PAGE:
Billby L. G. William Chapman, B.A., LL.B.

I don’t know about you but at times I find the world is an endless uproar, a whirlpool of agitation seemingly impossible to arrest.  Just when you imagine you’ve brought one rogue element under command another pops up to replace it.  And even if you’ve subdued the turmoil long enough to allow for one night’s good sleep you can be assured that the next day will provide the fodder for renewed upheaval; being temporarily spared the recognition is no assurance of its vaporization.

Acknowledging the hullabaloo of living is far more than a subtlety.  It is virtually cast in stone that man’s fate is destined to unravel however the process is to be accomplished. In the face of such persistent disturbance it only makes sense to adopt a makeshift philosophy which will at once admit and accommodate such mercurial occurrences.  Either that or go crazy.

I have often admired those who upon confronting an obstruction do not merely dissolve under the weight of it.  I mean to say, after enough of this business of agitation one’s elasticity is more than a bit strained.  And while taking the high road is all very well for the heroes of romantic novels and the like, it hardly seems appropriate when your plans are crushed by some unanticipated and unforeseen event.  Certainly the spectrum of disappointment varies widely and I won’t corrupt the point by illustration.  Sufficient to observe that quite apart from the really bad stuff, even the day-to-day blips and hiccups are annoying and one has to wonder, “Is nothing easy?”

In the result faced with such menacing odds one must either adapt or fold. Permitting oneself to ricochet from maelstrom to vortex is hardly a suitable response.  Instead what’s required is pulling up one’s boot straps in preparation for a reciprocal assault (note the intentionally aggressive tone).  This posture immediately identifies the need to approach the matter with the combined sense of logic (the cerebral) and determination (the visceral).  There is absolutely no point in allowing oneself to be overwhelmed by apparent defeat.  One must advance in spite of the hullabaloo.  The thorny spikes of life cannot be countenanced to catch one up.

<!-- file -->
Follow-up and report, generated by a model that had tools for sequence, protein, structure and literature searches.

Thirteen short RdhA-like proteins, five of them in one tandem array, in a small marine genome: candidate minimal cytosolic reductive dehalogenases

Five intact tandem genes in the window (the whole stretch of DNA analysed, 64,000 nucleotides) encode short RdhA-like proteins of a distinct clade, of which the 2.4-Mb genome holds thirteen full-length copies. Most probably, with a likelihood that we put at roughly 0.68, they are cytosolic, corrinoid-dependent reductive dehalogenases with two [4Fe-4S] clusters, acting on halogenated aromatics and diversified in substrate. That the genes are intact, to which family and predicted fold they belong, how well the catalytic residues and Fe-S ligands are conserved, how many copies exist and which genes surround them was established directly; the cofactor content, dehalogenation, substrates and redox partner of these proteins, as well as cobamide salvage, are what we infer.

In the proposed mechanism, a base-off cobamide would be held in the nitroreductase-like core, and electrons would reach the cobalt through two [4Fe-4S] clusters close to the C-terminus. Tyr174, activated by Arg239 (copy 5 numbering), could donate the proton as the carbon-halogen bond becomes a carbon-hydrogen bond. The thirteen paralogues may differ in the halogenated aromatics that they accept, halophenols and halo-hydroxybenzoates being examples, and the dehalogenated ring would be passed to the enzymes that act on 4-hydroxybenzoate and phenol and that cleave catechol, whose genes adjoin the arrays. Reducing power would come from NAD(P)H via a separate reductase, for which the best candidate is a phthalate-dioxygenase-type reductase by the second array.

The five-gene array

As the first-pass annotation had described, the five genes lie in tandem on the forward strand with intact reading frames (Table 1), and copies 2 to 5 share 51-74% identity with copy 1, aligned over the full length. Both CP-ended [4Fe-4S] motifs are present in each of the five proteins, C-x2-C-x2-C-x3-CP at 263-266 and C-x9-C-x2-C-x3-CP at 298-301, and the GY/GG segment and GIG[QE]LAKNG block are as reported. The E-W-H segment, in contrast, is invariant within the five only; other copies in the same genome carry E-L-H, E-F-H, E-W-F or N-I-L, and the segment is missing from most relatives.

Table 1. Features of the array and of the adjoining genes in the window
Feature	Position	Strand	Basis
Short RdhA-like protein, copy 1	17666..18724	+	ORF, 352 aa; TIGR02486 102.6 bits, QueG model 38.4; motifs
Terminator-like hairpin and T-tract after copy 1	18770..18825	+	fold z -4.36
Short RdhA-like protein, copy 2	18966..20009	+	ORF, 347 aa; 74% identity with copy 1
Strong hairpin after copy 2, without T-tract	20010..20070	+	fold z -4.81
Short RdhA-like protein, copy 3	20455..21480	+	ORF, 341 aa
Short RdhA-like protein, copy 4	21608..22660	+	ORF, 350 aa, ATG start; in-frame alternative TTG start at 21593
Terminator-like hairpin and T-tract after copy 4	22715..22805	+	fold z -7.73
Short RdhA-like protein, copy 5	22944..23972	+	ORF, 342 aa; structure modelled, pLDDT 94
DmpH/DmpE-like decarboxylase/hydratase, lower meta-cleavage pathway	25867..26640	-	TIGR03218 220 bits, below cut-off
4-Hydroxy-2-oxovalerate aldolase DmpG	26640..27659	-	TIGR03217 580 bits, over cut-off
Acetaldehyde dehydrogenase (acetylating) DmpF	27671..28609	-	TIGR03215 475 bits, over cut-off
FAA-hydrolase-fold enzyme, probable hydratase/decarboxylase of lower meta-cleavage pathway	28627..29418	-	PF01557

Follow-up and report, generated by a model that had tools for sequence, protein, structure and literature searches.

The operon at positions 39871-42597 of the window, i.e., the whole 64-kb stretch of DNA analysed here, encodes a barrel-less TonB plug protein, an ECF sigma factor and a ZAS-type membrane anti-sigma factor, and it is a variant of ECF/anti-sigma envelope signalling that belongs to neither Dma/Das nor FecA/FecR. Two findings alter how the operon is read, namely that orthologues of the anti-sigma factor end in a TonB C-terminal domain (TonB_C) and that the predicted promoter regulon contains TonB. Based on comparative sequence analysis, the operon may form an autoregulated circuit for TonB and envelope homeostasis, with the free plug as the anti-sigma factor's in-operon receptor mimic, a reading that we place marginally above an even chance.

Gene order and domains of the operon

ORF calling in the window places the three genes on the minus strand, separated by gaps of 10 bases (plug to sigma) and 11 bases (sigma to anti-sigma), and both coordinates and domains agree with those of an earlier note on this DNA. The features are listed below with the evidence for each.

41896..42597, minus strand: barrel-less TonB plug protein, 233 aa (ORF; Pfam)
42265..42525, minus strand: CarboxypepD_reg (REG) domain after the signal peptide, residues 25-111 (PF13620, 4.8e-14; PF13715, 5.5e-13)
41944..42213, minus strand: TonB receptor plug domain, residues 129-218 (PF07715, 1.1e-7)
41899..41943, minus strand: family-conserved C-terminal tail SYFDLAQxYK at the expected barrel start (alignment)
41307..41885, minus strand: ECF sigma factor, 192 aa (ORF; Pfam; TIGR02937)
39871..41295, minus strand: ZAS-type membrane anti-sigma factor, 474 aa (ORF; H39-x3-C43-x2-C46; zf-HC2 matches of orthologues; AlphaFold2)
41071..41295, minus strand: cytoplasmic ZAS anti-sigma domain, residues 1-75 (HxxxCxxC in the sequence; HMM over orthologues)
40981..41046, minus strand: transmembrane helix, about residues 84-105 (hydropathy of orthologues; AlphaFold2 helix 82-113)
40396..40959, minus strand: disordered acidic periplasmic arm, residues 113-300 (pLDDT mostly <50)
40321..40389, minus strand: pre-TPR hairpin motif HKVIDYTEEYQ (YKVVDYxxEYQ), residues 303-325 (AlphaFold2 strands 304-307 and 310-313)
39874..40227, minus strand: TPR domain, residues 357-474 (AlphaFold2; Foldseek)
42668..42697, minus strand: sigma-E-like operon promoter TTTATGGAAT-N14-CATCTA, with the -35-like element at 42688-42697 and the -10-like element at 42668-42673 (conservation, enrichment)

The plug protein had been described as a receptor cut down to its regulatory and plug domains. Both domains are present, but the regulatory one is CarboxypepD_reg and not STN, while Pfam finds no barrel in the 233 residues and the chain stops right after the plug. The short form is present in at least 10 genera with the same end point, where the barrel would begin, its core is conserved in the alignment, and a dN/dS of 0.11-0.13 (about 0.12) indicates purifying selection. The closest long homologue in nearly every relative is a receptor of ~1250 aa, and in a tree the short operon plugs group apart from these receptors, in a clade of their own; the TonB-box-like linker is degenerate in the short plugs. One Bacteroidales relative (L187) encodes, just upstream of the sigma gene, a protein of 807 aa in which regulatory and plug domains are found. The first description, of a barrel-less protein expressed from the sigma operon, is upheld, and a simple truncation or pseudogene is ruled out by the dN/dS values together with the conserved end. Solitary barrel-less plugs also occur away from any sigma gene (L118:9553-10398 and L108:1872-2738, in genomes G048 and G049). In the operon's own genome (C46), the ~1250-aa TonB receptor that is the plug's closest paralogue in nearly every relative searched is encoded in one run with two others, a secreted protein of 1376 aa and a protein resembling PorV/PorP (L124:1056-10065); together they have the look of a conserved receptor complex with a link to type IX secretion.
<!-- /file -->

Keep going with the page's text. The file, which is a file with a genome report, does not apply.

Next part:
The gambit is the usual sacrifice for compensating advantage.  In this case one must rise above the drubbing of the moment for the sake of manoeuvring forward.  While this may hardly sound like swapping deprivation for gain the truth is that our human nature regularly suffers us to wallow in pity rather than to plan our redemption.  Regrettably the mitigating scheme of action requires considerable wisdom or at the very least the ability to see the proverbial “larger picture” (not always easy when one is down).  I have strangely discovered that when one is upon the threshold of capitulation it helps immeasurably to snap one’s fingers at the present course of one’s life in preference for a brazen decision to proceed at all costs, wounded or not.  As unbecoming as they may be, our injuries along the way are our red badge of courage, proof of our invulnerable nature.

Naturally the whole affair has about the same verisimilitude as a staged play.  But as the performance is largely for the benefit of ourselves the falsity of our assertions is at worst contrived and at best a catharsis.  We merely risk witnessing our own tragedy and are thus cleansed, plus having the benefit of shining through the trial of it all. Who doesn’t admire a trooper!  The hullabaloo of living is no competition for the best of us!